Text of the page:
[Numpy-discussion] Back to numexpr

Tim Hochberg tim.hochberg at cox.net
Tue Jun 13 12:27:40 CDT 2006


David M. Cooke wrote:

>On Tue, Jun 13, 2006 at 09:56:37AM -0700, Tim Hochberg wrote:
>  
>
>>[SNIP]
>>    
>>
>
>All the above is checked in already :-)
>  
>
So I see. Oops!

>  
>
>>   - Support for both numpy and numarray (use the flag --force-numarray
>>   in setup.py).
>>
>>At first glance this looks like it doesn't make things to messy, so I'm 
>>in favor of incorporating this.
>>    
>>
>
>... although I had ripped this all out. I'd rather have a numpy-compatible
>numarray layer (at the C level, this means defining macros like PyArray_DATA)
>than different code for each.
>  
>
Okey dokey. I don't feel strongly about this either way other than I'd 
rather have one version of numexpr around rather than two almost 
identical versions. Whatever makes that work would makes me happy.

>  
>
>>   - Added a new benchmark for testing boolean expressions and
>>   strided/unaligned arrays: boolean_timing.py
>>
>>Benchmarks are always good.
>>    
>>
>
>Haven't checked that in yet.
>
>  
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>>   Things that I want to address in the future:
>>
>>   - Add tests on strided and unaligned data (currently only tested
>>   manually)
>>
>>Yep! Tests are good.
>>
>>   - Add types for int16, int64 (in 32-bit platforms), float32,
>>     complex64 (simple prec.)
>>
>>I have some specific ideas about how this should be accomplished. 
>>Basically, I don't think we want to support every type in the same way, 
>>since this is going to make the case statement blow up to an enormous 
>>size. This may slow things down and at a minimum it will make things 
>>less comprehensible.
>>    
>>
>
>I've been thinking how to generate the virtual machine programmatically,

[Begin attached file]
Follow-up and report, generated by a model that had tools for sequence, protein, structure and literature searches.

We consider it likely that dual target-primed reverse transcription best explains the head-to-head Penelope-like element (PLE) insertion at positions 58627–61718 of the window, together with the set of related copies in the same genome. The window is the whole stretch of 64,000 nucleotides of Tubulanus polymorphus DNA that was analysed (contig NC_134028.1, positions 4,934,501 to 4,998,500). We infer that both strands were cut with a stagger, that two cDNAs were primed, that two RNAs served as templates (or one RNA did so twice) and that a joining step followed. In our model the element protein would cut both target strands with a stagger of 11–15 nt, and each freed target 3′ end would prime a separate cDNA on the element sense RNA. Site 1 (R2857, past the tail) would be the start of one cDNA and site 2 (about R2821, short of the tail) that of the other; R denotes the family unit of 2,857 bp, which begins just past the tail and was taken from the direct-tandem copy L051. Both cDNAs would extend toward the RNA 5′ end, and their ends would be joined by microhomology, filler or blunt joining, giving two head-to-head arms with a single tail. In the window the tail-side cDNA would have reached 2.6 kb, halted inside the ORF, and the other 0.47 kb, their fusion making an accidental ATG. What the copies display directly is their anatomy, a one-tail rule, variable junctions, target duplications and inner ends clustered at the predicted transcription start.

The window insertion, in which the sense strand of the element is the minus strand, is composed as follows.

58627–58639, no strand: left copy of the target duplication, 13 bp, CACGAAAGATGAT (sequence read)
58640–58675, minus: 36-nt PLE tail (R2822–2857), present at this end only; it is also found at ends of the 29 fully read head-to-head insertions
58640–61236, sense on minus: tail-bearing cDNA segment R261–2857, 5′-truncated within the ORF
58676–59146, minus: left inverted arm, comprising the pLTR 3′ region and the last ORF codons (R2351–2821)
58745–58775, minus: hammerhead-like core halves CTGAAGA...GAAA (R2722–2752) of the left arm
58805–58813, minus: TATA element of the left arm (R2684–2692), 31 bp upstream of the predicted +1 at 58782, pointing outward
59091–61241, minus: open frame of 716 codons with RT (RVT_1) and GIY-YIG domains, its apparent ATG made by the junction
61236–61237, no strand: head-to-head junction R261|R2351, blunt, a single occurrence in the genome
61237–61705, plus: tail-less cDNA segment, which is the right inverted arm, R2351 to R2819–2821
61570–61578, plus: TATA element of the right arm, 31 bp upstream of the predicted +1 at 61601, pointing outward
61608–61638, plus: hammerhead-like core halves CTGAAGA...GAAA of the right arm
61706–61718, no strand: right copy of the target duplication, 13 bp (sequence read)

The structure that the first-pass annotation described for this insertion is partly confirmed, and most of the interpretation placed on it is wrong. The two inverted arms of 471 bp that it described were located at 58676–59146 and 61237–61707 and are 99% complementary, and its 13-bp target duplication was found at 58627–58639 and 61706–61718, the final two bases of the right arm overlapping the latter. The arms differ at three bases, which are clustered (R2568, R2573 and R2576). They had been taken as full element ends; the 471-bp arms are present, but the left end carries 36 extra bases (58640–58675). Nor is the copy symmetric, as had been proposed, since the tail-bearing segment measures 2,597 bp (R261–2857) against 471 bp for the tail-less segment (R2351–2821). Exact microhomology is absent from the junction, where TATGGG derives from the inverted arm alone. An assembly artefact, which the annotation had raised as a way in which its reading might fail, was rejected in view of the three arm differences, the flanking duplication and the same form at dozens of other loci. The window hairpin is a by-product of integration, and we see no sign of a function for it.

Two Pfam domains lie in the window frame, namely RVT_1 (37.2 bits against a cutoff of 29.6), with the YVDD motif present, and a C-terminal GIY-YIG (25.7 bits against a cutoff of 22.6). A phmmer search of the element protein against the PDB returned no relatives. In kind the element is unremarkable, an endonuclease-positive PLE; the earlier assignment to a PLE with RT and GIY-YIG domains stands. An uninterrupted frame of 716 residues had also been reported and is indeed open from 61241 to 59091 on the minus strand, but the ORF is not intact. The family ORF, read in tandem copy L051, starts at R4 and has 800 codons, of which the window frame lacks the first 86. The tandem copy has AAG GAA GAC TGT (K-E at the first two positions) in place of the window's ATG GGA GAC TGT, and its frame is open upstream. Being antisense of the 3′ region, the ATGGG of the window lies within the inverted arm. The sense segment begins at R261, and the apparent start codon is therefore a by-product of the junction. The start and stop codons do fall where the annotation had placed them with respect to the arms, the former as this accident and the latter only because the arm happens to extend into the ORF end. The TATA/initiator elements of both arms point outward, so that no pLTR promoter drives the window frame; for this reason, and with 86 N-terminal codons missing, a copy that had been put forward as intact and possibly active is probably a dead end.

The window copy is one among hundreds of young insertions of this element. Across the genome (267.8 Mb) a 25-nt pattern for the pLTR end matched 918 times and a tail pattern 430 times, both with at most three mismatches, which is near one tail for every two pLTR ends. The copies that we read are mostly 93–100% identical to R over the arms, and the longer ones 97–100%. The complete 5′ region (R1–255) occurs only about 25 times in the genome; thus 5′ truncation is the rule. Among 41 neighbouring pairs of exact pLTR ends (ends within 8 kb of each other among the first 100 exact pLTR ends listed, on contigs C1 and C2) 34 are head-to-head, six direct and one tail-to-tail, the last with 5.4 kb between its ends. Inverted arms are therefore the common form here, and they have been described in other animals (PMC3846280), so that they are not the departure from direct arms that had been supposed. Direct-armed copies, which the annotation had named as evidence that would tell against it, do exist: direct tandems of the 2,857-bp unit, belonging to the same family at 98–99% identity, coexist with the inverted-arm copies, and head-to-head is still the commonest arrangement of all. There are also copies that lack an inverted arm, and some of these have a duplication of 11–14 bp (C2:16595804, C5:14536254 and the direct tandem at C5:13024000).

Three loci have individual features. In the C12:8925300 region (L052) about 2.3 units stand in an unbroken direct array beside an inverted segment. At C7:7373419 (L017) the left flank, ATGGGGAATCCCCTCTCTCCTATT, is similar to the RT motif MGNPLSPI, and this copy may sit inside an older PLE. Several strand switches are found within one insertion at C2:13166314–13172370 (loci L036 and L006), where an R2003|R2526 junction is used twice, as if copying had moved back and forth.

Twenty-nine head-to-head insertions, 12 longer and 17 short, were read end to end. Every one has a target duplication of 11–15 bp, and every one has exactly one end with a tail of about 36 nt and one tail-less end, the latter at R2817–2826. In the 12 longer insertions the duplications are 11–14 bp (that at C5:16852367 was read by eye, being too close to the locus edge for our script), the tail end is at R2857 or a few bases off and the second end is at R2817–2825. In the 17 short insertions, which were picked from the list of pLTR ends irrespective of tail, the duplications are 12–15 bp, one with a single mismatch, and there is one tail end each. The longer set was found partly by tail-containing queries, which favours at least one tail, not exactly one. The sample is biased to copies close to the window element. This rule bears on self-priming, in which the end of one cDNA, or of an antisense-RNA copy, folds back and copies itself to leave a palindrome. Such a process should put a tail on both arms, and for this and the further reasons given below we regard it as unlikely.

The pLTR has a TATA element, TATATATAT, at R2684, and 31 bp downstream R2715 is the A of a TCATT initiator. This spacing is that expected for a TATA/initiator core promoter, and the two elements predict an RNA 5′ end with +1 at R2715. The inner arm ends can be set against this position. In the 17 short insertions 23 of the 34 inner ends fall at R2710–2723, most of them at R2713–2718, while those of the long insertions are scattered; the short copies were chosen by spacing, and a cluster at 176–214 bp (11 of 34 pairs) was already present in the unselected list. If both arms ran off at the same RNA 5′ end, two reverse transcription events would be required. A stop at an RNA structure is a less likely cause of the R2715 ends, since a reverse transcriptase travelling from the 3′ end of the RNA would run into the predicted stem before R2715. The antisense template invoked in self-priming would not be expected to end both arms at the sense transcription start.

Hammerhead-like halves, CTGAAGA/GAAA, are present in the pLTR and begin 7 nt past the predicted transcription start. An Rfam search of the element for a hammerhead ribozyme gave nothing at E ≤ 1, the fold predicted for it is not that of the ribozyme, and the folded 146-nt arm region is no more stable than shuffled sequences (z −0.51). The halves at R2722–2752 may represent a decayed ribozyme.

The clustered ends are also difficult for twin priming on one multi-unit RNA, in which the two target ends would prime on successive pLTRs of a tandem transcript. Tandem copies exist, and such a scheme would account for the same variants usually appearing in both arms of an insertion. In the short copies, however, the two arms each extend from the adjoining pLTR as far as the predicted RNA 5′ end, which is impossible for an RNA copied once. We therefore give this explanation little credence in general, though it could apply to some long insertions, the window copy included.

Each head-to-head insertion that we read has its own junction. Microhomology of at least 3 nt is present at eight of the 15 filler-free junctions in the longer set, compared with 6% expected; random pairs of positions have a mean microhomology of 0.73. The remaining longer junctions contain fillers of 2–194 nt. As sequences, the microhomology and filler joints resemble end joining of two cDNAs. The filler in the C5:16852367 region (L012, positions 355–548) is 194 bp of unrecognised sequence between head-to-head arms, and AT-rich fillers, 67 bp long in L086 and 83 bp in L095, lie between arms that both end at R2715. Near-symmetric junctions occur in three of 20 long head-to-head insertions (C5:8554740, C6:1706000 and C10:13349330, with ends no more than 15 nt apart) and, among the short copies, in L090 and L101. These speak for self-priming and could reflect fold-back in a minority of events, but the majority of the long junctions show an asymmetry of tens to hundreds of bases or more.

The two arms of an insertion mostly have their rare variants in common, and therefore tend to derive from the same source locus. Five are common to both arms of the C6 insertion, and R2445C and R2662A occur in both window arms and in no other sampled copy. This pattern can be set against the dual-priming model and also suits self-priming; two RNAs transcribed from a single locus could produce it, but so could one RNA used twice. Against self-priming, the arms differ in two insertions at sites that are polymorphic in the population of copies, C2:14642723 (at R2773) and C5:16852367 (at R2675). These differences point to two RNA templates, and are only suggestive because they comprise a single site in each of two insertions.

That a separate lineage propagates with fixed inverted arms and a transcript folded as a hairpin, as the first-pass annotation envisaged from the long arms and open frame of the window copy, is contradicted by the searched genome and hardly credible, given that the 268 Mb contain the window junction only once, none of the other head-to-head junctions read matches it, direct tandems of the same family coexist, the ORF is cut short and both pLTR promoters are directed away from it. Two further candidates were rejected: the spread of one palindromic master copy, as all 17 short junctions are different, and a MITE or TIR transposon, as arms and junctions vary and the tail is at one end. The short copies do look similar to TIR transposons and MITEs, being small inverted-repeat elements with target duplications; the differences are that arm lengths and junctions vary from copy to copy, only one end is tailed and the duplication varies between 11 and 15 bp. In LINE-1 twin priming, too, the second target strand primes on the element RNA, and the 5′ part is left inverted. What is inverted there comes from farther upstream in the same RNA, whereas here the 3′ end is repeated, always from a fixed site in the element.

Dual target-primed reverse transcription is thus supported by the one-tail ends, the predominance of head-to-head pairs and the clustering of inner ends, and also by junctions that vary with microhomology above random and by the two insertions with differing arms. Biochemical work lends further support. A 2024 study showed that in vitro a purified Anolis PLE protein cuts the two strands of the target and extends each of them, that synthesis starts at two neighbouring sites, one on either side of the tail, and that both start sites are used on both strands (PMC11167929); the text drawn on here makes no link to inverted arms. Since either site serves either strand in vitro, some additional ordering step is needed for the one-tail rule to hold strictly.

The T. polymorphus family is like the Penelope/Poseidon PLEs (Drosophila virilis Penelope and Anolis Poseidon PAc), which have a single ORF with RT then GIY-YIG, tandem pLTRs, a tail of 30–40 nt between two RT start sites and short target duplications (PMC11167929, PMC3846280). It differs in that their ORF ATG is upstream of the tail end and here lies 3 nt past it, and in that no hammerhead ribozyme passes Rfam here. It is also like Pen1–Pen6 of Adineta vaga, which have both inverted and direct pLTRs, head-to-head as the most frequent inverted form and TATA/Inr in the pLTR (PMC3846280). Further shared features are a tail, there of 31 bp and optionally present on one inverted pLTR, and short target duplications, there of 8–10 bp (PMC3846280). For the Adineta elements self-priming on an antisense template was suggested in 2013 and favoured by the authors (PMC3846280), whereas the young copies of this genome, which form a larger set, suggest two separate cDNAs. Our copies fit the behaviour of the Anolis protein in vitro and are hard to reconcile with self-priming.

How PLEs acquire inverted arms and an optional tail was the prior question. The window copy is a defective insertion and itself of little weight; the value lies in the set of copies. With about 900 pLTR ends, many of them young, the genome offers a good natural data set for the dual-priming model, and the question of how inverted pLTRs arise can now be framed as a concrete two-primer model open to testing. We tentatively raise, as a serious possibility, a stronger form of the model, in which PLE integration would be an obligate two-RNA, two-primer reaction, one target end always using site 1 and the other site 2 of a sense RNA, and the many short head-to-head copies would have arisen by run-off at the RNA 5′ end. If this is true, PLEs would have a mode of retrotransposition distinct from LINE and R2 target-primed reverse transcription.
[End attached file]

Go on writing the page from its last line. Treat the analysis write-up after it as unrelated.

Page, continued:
>specifically I've been looking at vmgen from gforth again. I've got other
>half-formed ideas too (separate scalar machine for reductions?) that I'm
>working on too.
>
>But yes, the # of types does make things harder to redo :-)
>
>  
>
>>My thinking is that we only add casts for the extra 
>>types and do the computations at high precision. Thus adding two int16 
>>numbers compiles to two OP_CAST_Ffs followed by an OP_ADD_FFF, and then 
>>a OP_CAST_fF.  The details are left as an excercise to the reader ;-). 
>>So, adding int16, float32, complex64 should only require the addition of 
>>6 casting opcodes plus appropriate modifications to the compiler.
>>    
>>
>
>My thinking too.
>  
>
Yeah! Although I'm not in a hurry on this part.

 I'm remembering now that the next item on my agenda was to work on 
supporting broadcasting. I don't exactly know how this is going to work, 
although I recall having something of a plan at some point. Perhaps the 
easiest way to start out is to just test the shapes of the input array 
for compatibility. If they're compatible and don't require broadcasting, 
proceed as now. If they are incompatible, raise a "ValueError: shape 
mismatch: objects cannot be broadcast to a single shape" as numpy does. 
If they are compatible, but require broadcasting, raise a 
NotImplementedError. This should be relatively easy and makes the 
numexpr considerably more congruent with numpy.

I'm hoping that, while working on that, my plan will pop back into my 
head ;-)


[SNIP]

Regards,

-tim





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